Amir Shmuel - Associate Professor in the Department of Neurology and Neurosurgery, Associate Member of Biomedical Engineering at McGill University, and a researcher in the McConnell Brain Imaging Centre of the Montreal Neurological Institute. He holds a Canada Research Chair in Neuroscience and Brain Imaging. In 2012, he was named a Killam Scholar.
Montreal Functional Brain Imaging Platform        $300,000
Functional MRI (fMRI) is an excellent tool for visualizing all brain regions that are active during the presentation of sensory stimuli or the execution of motor tasks. With a spatial specificity and resolution on the order of 1-2 mm, fMRI has excellent coverage of the brain while offering the best spatial resolution of all non-invasive functional imaging modalities. The researchers establish a local fMRI platform that will include a setup for training subjects to perform the research task in the closed, noisy environment of the MRI scanner.  This platform will be accessible to all interested researchers.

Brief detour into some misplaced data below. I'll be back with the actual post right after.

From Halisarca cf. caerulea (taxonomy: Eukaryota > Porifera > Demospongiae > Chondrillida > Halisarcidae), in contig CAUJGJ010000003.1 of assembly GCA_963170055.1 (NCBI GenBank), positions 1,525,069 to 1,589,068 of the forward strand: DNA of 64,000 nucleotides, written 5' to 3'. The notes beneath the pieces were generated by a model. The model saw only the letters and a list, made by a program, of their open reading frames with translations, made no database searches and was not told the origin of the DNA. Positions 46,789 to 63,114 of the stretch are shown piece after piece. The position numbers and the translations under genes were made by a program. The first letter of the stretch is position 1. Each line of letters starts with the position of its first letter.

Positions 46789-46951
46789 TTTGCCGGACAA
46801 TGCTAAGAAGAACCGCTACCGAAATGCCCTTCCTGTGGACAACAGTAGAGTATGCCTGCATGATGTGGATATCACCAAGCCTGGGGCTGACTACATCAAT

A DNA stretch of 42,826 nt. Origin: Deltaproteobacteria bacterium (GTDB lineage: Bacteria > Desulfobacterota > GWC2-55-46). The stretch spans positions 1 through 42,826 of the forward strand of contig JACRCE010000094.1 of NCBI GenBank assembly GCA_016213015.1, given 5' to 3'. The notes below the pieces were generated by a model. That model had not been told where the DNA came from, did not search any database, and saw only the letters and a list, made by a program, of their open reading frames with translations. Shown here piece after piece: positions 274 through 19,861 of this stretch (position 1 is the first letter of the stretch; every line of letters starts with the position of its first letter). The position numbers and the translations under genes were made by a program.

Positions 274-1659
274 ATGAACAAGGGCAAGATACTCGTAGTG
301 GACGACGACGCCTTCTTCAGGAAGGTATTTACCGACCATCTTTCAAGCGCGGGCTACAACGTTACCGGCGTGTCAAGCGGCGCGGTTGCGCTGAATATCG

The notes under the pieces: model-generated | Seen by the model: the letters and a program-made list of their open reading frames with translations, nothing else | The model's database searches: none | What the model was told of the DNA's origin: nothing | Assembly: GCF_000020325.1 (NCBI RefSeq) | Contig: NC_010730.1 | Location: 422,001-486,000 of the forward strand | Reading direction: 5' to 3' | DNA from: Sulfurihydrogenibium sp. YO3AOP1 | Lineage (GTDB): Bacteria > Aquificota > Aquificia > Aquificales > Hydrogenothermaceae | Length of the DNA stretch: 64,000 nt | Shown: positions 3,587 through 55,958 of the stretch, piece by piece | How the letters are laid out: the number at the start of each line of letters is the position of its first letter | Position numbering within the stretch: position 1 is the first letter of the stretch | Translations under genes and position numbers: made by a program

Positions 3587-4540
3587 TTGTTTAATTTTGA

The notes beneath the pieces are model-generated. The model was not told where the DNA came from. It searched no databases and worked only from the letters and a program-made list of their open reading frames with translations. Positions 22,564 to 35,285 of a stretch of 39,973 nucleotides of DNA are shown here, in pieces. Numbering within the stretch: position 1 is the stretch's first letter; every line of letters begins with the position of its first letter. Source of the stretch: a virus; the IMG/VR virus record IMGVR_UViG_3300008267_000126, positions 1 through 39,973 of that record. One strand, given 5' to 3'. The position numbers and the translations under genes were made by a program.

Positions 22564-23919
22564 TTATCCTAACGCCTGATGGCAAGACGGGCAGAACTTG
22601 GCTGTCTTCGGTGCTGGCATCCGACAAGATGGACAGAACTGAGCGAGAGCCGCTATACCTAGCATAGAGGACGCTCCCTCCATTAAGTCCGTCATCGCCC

Gustavo Turecki  -  Douglas Hospital Research Centre. Turecki is a professor in McGill’s Departments of Psychiatry, Human Genetics, and Neurology & Neurosurgery.
Douglas-Bell Canada Brain Bank, an essential platform for brain research in Canada          $2,028,000
McGill members: Naguib Mechawar, Michael J. Meaney, Guy Rouleau, Bernard Brais, Nicolas Cermakian, Salah El Mestikawy, Carl Ernst, Cecilia Flores, Anne McKinney, Gerhard Multhaup, Lisa Münter, Bruce Pike, Judes Poirier, Rémi Quirion, Pedro Rosa-Neto, Abbas Sadikot, Lalit Srivastava, Moshe Szyf.
The Douglas-Bell Canada Brain Bank (DBCBB) is one of the rare brain banks in the world to collect brains from people who suffered from diverse mental disorders, including schizophrenia, major depression, bipolar disorder, and substance use disorders, as well as brains from individuals who were affected with different neurodegenerative diseases such as Parkinson’s disease, Alzheimer’s disease, and other dementias. This bank has access to a wealth of longitudinal data from its donors, and fulfills a large number of tissue requests from researchers around the world. The current funded proposal will help update the infrastructure of this highly essential bank, streamlining its operations to make the excellent resources available to the world in a more efficient and timely manner.